BENNINGTON -- Southwest Vermont Supervisory Union chief financial officer Richard Pembroke and Mount Anthony Union School Board clerk Timothy Holbrook delivered a presentation breaking down the proposed fiscal year 2015 budget on Thursday.

In his presentation, Pembroke broke down the SVSU's projected expenses with a pie chart. Special education services make up 70.26 percent of the projected budget, with early childhood programs equaling 6.58 percent, administration 4.32 percent, curriculum 5.92 percent, human resources 2.14 percent, tech services 7.19 percent, and the finance department 3.59 percent.

Of these departments, special education is seeing the largest projected increase in funding as well, going up by $684,618. The combined budget of the administrative, curriculum, HR, and English-Language Learning departments will also go up, by $120,133. However budgets of all other departments will decrease, with the tech department getting $62,051 less than last year, early childhood getting $2,219 less than last year, and finance getting $40,213 less than last year. All of this equals a combined increase in expenses of $700,246.99.

Much of the $120,133 increase comes from an increasing number of ELL students, said Superintendent Catherine McClure. ELL was previously known as English as a Second Language. McClure said that Spanish and Chinese were the most common languages spoken by ELL students, but the district was seeing some Japanese and Russian as well.

However, the $700,246.99 increase in expenditures is partially balanced by a $191,174 increase in revenues. Local districts will also receive $300,177.26 in the form of a special education reimbursement, meaning the total net cost of the budget increases to the districts will be $200,895.73, a 1.76% increase.

"The SVSU budget is divided into two sections," said Holbrook, "one is the general proportional assessment. That proportional assessment really has to do with the amount of money that is divided among the districts on a proportional basis, those services that the SVSU central office basically supplies. The other section of the SVSU assessment comes from the direct expenses. That means that those districts that are hiring special education teachers, those expenses are part of the SVSU budget, and therefore those expenses will have to be incorporated into the individual districts."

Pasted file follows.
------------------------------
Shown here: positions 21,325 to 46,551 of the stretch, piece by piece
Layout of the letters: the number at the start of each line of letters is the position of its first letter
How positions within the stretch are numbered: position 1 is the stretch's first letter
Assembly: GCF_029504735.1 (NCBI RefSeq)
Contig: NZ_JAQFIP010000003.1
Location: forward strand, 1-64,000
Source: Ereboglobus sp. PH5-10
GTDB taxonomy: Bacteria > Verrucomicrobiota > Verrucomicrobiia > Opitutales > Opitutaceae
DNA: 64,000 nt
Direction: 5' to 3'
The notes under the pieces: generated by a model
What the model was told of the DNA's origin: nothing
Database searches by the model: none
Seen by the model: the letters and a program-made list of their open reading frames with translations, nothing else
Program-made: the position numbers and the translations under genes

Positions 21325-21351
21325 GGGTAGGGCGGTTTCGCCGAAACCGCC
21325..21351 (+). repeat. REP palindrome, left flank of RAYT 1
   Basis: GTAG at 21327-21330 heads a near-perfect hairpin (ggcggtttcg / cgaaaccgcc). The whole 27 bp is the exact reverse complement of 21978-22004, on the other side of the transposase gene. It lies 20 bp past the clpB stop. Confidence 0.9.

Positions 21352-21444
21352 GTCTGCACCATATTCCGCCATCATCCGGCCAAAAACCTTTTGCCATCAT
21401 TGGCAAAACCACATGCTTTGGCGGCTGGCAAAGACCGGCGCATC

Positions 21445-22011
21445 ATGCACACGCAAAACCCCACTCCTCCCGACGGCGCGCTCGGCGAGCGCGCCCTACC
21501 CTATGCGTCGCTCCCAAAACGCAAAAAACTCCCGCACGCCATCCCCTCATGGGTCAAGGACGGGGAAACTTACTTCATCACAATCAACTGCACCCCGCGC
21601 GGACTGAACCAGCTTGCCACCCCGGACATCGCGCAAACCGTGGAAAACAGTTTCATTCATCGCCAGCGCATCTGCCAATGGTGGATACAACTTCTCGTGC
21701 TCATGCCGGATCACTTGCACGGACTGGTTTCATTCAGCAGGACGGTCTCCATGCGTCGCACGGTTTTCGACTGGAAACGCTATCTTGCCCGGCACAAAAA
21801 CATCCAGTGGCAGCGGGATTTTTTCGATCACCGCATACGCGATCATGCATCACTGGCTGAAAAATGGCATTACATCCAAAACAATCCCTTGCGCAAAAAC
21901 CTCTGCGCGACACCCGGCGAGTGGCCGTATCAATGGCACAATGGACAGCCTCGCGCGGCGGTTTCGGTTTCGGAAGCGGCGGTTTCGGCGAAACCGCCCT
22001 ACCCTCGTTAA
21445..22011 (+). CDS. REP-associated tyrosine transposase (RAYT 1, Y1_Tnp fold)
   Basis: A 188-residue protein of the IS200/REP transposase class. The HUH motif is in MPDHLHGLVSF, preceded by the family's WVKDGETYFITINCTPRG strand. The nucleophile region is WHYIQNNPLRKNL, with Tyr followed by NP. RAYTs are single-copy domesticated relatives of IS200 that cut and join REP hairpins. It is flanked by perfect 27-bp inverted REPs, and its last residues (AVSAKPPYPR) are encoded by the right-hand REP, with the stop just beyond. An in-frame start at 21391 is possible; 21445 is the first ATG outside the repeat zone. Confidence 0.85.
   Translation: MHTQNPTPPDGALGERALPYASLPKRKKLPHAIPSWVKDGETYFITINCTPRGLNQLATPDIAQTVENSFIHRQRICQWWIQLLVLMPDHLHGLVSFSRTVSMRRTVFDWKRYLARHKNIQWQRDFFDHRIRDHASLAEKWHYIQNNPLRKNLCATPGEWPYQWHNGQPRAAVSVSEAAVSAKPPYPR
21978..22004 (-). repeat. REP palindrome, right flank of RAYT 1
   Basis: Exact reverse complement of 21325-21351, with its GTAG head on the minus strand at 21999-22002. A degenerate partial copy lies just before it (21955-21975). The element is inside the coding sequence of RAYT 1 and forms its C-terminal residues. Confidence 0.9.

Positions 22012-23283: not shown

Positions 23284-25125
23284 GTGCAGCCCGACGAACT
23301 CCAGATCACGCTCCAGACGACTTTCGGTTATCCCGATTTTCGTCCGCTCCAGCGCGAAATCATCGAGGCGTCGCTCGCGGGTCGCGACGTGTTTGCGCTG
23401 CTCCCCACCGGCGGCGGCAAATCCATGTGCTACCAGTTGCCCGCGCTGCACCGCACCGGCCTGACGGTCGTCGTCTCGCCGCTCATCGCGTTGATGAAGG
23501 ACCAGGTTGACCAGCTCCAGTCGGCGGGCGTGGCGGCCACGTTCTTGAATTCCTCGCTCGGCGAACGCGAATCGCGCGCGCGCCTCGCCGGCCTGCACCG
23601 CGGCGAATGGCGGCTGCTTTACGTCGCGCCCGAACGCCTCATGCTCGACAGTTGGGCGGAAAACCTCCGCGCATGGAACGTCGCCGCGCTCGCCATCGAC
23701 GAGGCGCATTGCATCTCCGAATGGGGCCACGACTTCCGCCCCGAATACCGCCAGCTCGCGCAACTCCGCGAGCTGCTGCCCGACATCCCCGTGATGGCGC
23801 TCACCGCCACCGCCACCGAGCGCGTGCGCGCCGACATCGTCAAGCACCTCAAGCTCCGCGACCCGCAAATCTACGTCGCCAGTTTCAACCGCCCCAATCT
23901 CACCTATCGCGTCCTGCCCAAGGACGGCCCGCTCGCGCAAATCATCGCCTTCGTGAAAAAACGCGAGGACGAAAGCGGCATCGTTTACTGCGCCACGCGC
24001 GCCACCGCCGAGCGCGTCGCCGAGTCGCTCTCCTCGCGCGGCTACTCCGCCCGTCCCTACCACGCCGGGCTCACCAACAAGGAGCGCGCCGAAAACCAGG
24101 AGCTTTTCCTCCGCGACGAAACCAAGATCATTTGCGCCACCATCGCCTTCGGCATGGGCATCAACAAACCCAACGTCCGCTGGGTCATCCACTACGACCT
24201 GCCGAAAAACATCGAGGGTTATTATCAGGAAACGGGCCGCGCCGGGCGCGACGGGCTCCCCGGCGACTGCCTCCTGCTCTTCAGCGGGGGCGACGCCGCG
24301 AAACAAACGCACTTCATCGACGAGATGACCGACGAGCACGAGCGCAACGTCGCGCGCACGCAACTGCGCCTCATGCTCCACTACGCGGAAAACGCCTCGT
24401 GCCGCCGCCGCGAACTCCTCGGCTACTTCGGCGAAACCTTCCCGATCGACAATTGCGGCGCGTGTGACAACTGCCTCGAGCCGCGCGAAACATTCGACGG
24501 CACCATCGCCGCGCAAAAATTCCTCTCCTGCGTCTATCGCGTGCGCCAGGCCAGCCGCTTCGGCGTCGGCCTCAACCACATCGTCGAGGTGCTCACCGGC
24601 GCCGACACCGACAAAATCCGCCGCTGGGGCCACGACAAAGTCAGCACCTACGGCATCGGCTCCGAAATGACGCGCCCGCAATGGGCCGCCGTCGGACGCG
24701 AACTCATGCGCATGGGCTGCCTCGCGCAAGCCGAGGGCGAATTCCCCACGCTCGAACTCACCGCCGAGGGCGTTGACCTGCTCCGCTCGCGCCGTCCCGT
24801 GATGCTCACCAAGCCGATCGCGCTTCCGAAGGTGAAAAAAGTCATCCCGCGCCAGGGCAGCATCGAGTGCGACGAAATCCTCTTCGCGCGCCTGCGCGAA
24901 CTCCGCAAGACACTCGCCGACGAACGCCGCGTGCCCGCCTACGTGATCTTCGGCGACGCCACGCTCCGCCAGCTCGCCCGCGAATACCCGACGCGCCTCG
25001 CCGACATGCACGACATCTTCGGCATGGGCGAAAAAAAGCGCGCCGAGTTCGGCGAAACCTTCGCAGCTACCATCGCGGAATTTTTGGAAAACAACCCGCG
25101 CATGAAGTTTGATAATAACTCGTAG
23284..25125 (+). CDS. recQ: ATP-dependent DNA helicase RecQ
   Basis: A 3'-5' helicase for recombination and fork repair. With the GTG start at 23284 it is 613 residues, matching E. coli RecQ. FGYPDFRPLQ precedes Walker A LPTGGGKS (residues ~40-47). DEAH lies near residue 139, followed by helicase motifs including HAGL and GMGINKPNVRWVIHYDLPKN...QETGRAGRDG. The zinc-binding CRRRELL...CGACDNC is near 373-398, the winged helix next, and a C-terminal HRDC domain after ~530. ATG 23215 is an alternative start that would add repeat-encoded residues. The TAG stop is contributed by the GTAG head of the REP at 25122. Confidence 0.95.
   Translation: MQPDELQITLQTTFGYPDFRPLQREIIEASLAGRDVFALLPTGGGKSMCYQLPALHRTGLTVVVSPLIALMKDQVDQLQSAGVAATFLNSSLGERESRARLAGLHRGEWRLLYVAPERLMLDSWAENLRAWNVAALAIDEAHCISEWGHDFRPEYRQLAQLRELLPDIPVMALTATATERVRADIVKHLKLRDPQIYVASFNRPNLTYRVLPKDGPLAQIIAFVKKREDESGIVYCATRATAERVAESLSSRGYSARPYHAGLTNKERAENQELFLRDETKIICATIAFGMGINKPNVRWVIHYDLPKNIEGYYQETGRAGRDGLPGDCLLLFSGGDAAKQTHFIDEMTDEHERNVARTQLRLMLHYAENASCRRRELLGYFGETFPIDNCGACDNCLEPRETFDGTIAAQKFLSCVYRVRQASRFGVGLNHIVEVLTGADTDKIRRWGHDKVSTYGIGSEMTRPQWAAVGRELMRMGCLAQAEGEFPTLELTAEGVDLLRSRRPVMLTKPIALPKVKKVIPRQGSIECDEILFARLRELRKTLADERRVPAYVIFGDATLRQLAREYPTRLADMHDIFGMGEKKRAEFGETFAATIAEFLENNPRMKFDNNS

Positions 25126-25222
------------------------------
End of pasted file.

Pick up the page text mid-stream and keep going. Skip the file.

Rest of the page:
"The general proportional assessment really has gone down," said Holbrook, "by a little over four and a half percent. The increase in the budget mainly comes from the direct assessment, and that is really an area that is controlled by the individual schools. The individual school boards determine what that assessment is going to be by the number of staff that they hire. Now the total budget for the SVSU that will go out will be an increase of about four and a half percent. This will be shared by the individual districts. That figure can be adjusted, depending on how the individual boards address the issue of how many special education teachers they want to hire for their districts." Holbrook noted that if districts hired more special education teachers the projected 9.8 percent increase in the direct assessment would go up, and eliminating positions would cause it to go down.

"One of the other big issues we discussed was the necessity, that was brought to our attention very clearly by state reports, that we really need to do a better job at organizing and determining how effective our special education programs are. While Wendy [Pierce, director of special education services] and Karen [Burnell, director of early education services] have worked hard to do the best job they possibly can, it became obvious that we did not have the supervision needed to ensure that we were doing things the way we should do them and that we were carrying through with a number of different things that it was pointed out to us that we were not doing," said Holbrook.

In Pembroke's presentation, he echoed this sentiment, saying that some of the changes made within the special education department were to, "Increase the level of supervision, support, and oversight to provide appropriate services for students with disabilities and complex needs."

Derek Carson can be reached for comment at Follow him on Twitter @DerekCarsonBB.